Make no mistake, adidas is far from the only brand to build hype this way: Nike, who re-released Italy-exclusive “Le Silver’s” before gradually-bigger releases, took a similar route with the Air Max 97.
However, it’s important to distinguish a planned incremental rollout from the limited production numbers that accompany breakthrough technologies. While the adidas Futurecraft 4D (or historically, the OG Flyknit Trainer) may roll out in gradually-increasing numbers, its rarity is more a consequence of manufacturing than marketing strategy.
Another way brands create hype is through the creation of local exclusives. If you can’t posit what a local exclusive is, just imagine the opposite of a “general release.” If you can’t post what a general release is, ask a parent or a patient friend.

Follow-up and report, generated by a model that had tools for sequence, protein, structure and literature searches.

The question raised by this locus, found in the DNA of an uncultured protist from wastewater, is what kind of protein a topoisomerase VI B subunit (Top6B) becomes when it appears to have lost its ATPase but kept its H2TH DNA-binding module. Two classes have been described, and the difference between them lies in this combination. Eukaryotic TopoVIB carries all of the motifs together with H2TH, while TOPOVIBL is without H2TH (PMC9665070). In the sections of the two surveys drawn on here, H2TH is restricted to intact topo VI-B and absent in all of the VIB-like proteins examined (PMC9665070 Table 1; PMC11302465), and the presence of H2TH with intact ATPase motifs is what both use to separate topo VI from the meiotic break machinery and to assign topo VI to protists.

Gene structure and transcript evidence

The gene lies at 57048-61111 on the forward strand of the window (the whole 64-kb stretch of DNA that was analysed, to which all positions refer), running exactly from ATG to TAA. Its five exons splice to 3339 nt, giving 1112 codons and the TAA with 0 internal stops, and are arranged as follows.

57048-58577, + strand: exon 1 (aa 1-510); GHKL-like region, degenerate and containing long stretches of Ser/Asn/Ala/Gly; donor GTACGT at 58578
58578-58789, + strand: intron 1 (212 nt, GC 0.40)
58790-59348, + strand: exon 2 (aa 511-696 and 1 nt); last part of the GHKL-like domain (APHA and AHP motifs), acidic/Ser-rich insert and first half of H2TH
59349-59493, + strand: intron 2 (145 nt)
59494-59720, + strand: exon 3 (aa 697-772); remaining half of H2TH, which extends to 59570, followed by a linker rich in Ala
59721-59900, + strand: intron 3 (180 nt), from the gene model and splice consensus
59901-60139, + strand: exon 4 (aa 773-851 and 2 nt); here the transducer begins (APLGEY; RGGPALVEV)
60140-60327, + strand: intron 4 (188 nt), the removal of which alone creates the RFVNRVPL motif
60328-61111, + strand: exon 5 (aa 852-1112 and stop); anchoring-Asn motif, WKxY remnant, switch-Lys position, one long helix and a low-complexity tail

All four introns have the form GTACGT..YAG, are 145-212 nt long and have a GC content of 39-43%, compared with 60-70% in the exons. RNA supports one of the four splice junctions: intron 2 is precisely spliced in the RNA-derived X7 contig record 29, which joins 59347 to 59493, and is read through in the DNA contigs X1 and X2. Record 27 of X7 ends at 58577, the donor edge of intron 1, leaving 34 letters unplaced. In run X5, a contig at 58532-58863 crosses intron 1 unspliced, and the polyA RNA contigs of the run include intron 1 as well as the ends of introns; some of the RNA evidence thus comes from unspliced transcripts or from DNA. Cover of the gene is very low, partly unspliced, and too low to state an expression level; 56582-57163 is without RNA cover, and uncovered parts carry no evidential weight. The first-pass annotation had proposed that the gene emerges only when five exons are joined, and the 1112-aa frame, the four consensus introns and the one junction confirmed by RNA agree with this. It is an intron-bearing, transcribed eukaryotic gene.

Local exclusives build excitement the same way that incremental rollouts do: by limiting supply relative to demand. Unlike a rollout, however, there’s not necessarily a direct outlet for all that excess want. Instead, the goal of a local exclusive is brand-building, in the widest sense.
When a satin Jordan 1 drops by surprise in New York City, the goal is excitement for attractive, exclusive product – and the Jordan brand. When an event-exclusive EQT ADV drops at Art Basel 2016, the goal is excitement for attractive, exclusive product – and the adidas brand. ComplexCon “Kennedy’s.” All-Star adis. What these releases lack in sales volume, they more than make up in fan experience (and, of course, media exposure). They weren’t limited to a certain city or even an event, but Virgil Abloh’s European-exclusive Air Jordan 1 surely had American sneakerheads looking enviously across the pond.